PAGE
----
‘Politicians can’t control Euro crisis’

As Greece awaits the formation of a new "unity" government, Arjo Klamer, chair of economics at Erasmus University in Rotterdam, told RT that even if the new coalition is formed, it is unlikely to make any difference.

­“The big problem the Greek government has is to get its population behinds its plan. And it doesn’t seem that the people in Greece are willing to put up with all the measures that are being taken,” he explained.

The Greek PM must resign – that is the demand of the country’s opposition, if the political deadlock is to come to an end. The head of Greece's main opposition party said George Papandreou was "dangerous" and has called for early elections.

According to senior government officials, Papandreou could announce his resignation later on Sunday, hoping it will pave the way for the formation of a coalition government. Meanwhile Athens is fast running out of time to implement a crucial EU bailout plan intended to save the country from bankruptcy.

If George Papandreu resigns in the next few hours, this political solution will not do much good for the situation in Europe as a whole, believes Klamer.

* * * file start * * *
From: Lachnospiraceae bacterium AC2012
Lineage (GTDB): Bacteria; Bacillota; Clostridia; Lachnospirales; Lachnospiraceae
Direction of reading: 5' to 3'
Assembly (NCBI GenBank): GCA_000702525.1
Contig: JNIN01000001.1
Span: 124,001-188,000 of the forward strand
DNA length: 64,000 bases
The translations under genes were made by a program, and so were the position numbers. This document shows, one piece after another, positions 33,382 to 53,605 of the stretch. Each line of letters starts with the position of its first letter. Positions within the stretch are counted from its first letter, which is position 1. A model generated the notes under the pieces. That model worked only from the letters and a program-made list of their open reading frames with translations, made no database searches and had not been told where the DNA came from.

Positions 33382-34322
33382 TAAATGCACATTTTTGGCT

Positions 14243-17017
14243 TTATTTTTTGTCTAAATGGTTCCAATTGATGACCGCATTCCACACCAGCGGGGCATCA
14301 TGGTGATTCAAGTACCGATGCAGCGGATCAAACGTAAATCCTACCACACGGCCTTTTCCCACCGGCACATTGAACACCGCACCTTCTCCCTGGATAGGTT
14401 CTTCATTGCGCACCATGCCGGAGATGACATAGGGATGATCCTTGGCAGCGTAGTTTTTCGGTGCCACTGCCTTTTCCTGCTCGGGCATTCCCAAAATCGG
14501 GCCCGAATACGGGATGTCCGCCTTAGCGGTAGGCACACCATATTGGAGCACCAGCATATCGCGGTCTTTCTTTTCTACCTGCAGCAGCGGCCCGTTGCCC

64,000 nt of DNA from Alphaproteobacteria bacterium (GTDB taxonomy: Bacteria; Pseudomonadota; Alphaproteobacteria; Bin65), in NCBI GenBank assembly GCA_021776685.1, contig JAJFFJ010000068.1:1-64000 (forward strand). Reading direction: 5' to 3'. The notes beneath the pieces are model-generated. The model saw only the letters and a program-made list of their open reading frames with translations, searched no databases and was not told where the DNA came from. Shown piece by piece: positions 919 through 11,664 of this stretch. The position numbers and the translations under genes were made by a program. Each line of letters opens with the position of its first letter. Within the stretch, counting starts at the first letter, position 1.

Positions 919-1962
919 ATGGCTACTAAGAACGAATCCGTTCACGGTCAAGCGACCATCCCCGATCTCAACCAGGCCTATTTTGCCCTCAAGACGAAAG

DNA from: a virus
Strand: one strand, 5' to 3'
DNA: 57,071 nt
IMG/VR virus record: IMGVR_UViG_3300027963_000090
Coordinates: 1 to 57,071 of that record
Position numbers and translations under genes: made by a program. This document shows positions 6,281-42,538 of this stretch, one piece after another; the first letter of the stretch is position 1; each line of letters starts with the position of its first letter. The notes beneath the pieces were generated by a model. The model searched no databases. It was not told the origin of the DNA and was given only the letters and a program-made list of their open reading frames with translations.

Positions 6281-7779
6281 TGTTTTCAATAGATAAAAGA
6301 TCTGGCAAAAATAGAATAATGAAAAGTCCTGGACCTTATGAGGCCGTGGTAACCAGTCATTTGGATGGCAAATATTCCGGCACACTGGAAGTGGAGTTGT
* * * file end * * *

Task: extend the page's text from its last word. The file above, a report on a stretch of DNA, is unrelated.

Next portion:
“The Greek are rather disturbed, even though they say they want to hold on to the euro, they do not want to put up with the measures being imposed on them. The new government can create some sort of solution for some time, but the resistance is building up and then I see that the same thing is happening in Italy where they also have to take measures that the Italians are not willing to live with,” he stated. “I don’t think the politicians have the measures and instruments to control this crisis,” he added.

In order to get the bailout money Greek politicians have to push on with these measures which, Klamer maintains, are drastic.

“We call it a cold turkey approach. It means reducing salaries and government spending, causing a lot of hardship among the Greeks. That’s the price they have to pay for the euro. And whether the Greeks want to go along with it is doubtful. If it does not work, and all politicians understand that, then there will be serious consequences not just for the Greeks, but also for the banks which may go bankrupt if they Greeks themselves go bankrupt,” he pointed out.

Papandreu shocked EU leaders by announcing a referendum, resulting in the threat of being kicked out of the EU, but France and Germany still seem set on saving Greece. In fact, it is not Greece they want to save, but their own banks, explains Klamer.

“Greece is too small to care about, but it is a threat for the European economies because German and French banks are heavily involved in Greek debt, so they are really concerned and in this case they were so strict about it because they saw that the referendum would push the whole thing forward,” he concluded.